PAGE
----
The researchers included all physician members from the guideline committees for lung, breast, prostate and colorectal cancers (n = 125).
Study outcome measures included the proportion of guideline authors with financial conflicts of interest and the average compensation amount received per author from industry sources.
Eighty-six percent (n = 108) of guideline authors reported at least one financial conflict of interest, with a total value of $30,287,549.
Forty-seven percent (n = 59) of authors received research payments, comprising $29,036,127; eighty-four percent (n = 105) of authors received general payments, comprising $1,251,422.
Fifty-six percent (n = 70) of authors received a general payment of $1,000 or more, with a mean general payment of $10,011 (range, 0-106,859).
Research payments occurred less commonly but had a higher monetary value, with a mean research payment of $236,066 (range, 0-2,756,713).
Six percent (n = 8) of authors had financial conflicts of interests that exceeded the NCCN guideline policy on net maximum ($50,000) or single-company maximum ($20,000) payments.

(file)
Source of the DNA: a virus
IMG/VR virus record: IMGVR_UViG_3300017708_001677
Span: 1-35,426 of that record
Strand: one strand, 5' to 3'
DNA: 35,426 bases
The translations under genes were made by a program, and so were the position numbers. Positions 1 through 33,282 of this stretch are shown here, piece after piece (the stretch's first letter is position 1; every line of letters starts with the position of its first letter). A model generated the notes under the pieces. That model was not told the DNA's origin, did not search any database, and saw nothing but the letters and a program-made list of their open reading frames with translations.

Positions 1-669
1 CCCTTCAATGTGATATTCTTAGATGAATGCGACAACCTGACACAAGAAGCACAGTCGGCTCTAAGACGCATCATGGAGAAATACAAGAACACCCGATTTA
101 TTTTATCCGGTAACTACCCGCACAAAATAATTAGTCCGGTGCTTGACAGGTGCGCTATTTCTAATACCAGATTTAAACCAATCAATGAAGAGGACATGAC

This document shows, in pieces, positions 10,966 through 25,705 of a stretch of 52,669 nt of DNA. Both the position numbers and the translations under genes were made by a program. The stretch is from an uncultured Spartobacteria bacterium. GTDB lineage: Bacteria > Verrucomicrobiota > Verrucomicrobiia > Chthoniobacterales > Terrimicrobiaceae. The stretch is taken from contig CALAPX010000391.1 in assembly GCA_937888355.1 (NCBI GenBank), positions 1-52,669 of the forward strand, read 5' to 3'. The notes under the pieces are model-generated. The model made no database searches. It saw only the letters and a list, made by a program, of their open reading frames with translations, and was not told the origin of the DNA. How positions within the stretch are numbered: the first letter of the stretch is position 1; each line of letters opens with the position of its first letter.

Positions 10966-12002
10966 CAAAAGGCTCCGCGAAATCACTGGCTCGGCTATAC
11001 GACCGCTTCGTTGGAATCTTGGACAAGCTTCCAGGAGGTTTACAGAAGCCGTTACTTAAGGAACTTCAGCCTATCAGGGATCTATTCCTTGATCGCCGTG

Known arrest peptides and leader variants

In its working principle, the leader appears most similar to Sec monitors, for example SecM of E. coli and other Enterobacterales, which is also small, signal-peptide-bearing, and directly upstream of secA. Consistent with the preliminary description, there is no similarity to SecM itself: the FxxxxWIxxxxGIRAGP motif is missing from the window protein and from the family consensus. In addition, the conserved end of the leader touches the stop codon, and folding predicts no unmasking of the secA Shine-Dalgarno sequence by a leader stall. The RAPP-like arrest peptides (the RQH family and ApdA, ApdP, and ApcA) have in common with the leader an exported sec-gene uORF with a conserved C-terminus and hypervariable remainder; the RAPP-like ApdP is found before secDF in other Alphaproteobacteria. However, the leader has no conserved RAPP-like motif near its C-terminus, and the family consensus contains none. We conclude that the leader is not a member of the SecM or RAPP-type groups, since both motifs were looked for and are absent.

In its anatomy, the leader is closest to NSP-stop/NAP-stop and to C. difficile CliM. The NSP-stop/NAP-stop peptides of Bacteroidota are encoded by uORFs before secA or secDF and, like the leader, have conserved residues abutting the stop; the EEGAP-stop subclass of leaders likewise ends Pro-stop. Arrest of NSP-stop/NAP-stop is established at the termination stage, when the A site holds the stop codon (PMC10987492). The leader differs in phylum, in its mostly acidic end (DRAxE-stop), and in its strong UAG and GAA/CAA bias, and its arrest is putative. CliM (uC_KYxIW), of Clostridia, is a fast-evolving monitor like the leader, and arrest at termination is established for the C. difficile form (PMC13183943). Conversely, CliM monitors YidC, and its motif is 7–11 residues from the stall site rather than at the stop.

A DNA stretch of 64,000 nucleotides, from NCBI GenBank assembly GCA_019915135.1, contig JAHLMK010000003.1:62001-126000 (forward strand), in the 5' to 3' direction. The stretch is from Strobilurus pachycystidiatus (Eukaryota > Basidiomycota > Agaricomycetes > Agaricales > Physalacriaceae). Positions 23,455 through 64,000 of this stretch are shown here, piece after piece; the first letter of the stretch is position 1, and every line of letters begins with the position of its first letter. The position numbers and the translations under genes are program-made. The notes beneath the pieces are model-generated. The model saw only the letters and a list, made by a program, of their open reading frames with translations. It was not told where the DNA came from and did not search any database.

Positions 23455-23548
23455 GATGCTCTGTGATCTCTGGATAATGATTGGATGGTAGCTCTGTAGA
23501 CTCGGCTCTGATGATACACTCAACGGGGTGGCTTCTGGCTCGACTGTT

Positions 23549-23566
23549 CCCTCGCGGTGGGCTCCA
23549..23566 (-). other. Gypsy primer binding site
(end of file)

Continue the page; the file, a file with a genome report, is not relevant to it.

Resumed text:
The researchers acknowledged study limitations. Because the Open Payments database only captures information on physicians, the researchers did not have access to data on nonphysician authors. Further, the Open Payments database may include imprecise or inaccurate data.
“How best to manage the financial conflicts of interest in oncology practice and clinical practice guidelines remains an area of open discussion and research,” Mitchell and colleagues wrote. “More research is needed to determine which kinds of relationships are more likely to produce the unwanted consequence of physician bias to create rational, evidence-based policies that will allow for the participation of key clinical experts while managing real or perceived conflicts.”